How enforceable is an exclusive distribution agreement? Rosalyn Gladwin tells us what to do when grey imports impact your business.
With online stores and marketplaces gaining traction in the retail industry, grey market selling and distribution is becoming an increasing issue for retailers.
The issue with grey imports
Picture this: you operate an Australian retail business that has an agreement with a well-known brand to sell their branded products in your stores. A competitor comes in and decides to purchase the same branded products from a foreign country. Due to a cheaper cost price (and other factors) they are able to undercut you for the same products.
The issue with grey imports is that unlike counterfeit goods, they are genuine products. This means that the company which owns licences the registered trade mark for the product or brand in Australia has no recourse in trade mark law to stop grey imports, as the original use of the trade mark on the grey import products was authorised by an international trade mark holder.
In Australia, the law requires that grey product importers must make reasonable inquiries as to whether the trade mark was applied with the consent of the trade mark owner. This is a reasonably low threshold, offering a complete defence to grey importers. If it was an authorised product then at law you do not have any recourse to ban the products from being imported and sold in Australia.
For this reason, it is important to manage the risks of grey markets proactively and through some clever contracting – so, what can you do?
How you can protect your business
Making enquiries and having contracts in place
The best way to protect yourself against grey market selling and distribution is to have well-drafted contracts in place, whether you are the owner or licensee of a trade mark. When preparing your distribution and/or licensing agreements, you should consider the following:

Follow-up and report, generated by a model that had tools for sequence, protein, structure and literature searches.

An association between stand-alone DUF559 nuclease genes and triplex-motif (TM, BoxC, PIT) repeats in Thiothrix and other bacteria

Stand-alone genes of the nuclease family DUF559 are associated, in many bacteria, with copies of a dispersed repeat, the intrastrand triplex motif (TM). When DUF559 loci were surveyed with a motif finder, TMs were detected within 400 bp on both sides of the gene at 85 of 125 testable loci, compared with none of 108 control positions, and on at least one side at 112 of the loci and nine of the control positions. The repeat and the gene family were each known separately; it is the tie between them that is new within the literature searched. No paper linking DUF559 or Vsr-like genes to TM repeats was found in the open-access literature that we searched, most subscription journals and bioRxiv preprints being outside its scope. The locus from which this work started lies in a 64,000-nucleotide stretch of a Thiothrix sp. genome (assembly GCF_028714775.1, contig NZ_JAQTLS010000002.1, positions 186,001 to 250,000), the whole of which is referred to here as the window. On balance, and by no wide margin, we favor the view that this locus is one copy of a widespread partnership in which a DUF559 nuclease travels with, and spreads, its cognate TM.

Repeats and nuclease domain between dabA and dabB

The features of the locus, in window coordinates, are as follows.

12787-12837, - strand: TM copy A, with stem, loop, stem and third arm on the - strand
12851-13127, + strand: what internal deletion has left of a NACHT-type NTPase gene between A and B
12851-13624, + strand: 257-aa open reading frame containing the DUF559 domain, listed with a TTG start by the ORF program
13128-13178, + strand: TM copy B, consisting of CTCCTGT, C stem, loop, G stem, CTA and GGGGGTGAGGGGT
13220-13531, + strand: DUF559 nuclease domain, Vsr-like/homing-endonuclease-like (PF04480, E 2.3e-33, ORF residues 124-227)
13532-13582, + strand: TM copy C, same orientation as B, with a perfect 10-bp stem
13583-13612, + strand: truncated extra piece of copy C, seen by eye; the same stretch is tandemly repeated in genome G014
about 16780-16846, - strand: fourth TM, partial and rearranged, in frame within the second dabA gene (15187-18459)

- How is the brand distributed internationally – are there provisions in all of the brand’s contracts that allows them to enforce distribution to one geographical area, including against retailers or wholesalers?
- Does your agreement with the brand require them to enforce geographical territories?
- Is there a requirement for the brand to take all reasonable steps to prevent grey market imports?
- Does the agreement provide for sole distribution rights?
Differentiation by marketing
Another way of mitigating loss due to grey market imports, is through marketing campaigns
You could include a specific term in your distribution agreement to provide that you have the exclusive right to call your business the “Exclusive authorised Australian distributor of [brand]” and require the brand take action to prevent third parties from stating this.
Additionally, your marketing should aim to increase awareness of your products and the consequences of purchasing grey market products, such as:
- Differing standards of quality;
- Differing compatibilities/capabilities (especially for electrical products);
- Access to support/local distributer; and
- Ability to rely on Consumer laws and manufacturers warranties.
By being pre-emptive and proactive at the contract negotiation stage of arrangements you can reduce the impact of grey imports on your business to maximise your share of global sales.
Rosalyn Gladwin is the principal of Gladwin Legal, an award-winning retail-specialised law firm. If you would like more information, please visit www.gladwinlegal.com.au.
Like this story? Sign-up for the free Pulse Weekly Newsletter for more essential online retail content.